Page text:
Of all the pondering of what dreams hold, I have been told they are a way for our brains to prepare us for what could come next. Our minds projecting our desires or fears like a Final Destination movie. My day dreams have often led me to imagine what happens when dreams are no more, our afterlife. After departing from a religious background at an early age and giving up the idea of pearly gates with familiar faces in white robes, I often found myself in communities that believed in the nothingness. That once your life on Earth ends the curtains close and everything goes black. I do not aspire to critique either view, but around the age of 16 my mind found that vacancy a great space to fill with imagination. As the years continued, I began to compile a number of “what if’s”. After a strong vision of one of these “afterlife” ideas happened to me, I illustrated it for fun. That led me to want to make more! I began vocalizing this idea around the topic of death learned that
A) I am often not the only person who contemplates this deeply, and…
B) There is a strong number of people who choose to avoid the conversation of death in general, especially their own.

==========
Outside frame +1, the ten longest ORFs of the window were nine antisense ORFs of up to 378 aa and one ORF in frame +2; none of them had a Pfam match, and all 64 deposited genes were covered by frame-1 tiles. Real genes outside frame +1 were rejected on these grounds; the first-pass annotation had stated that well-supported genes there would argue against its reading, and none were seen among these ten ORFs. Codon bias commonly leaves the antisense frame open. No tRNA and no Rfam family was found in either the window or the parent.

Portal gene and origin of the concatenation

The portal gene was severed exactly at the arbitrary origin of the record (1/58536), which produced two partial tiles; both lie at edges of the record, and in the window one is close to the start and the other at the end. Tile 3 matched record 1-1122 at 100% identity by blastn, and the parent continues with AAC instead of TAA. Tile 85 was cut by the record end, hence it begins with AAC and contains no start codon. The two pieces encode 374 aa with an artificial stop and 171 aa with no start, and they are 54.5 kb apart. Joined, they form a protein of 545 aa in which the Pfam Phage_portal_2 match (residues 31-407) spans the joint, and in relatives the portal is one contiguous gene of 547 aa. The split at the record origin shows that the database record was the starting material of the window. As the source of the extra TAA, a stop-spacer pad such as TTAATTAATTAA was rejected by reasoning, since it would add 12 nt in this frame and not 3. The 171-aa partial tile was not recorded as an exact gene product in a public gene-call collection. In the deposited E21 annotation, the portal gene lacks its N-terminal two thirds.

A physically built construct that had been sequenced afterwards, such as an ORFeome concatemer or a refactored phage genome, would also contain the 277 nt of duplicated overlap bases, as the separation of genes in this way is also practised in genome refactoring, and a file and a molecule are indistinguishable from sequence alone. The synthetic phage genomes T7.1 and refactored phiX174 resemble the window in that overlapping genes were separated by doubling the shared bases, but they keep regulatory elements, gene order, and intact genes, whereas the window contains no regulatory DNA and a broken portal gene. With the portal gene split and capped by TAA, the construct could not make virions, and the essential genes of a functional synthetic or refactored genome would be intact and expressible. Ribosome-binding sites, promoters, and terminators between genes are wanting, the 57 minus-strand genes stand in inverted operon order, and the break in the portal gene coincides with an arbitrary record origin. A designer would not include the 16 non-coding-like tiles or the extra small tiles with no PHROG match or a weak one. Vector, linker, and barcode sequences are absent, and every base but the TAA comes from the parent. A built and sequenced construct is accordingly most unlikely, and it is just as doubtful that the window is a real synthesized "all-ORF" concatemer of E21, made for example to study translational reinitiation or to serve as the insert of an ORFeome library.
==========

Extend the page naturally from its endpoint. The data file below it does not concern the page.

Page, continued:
Because the show I am currently working on is centered around the idea of death, I have spent months toiling over understanding the discomfort. It’s a trigger subject for many, a taboo for some, and a survival instinct to avoid if possible. But in a world where we are all trying to find out what makes us special and niches to make us marketable, death humbles us as we all will experience it in one way or another. I’ve seen it dissolve people’s differences and draw them to stand together in facing loss. As a person living with Crohn’s disease who has at times felt that they could touch the veil that separated one from life, it has personally taught me to appreciate each day. I believe death is as important as birth, and can be one of life's greatest teachers. So the question I posed in light of this show is “how can we be better communicators and support for each other? “ As we all inevitably experience loss throughout our lives and gain new parts to our identities. To be sad about loss is to know love in some form. That to me is extremely powerful.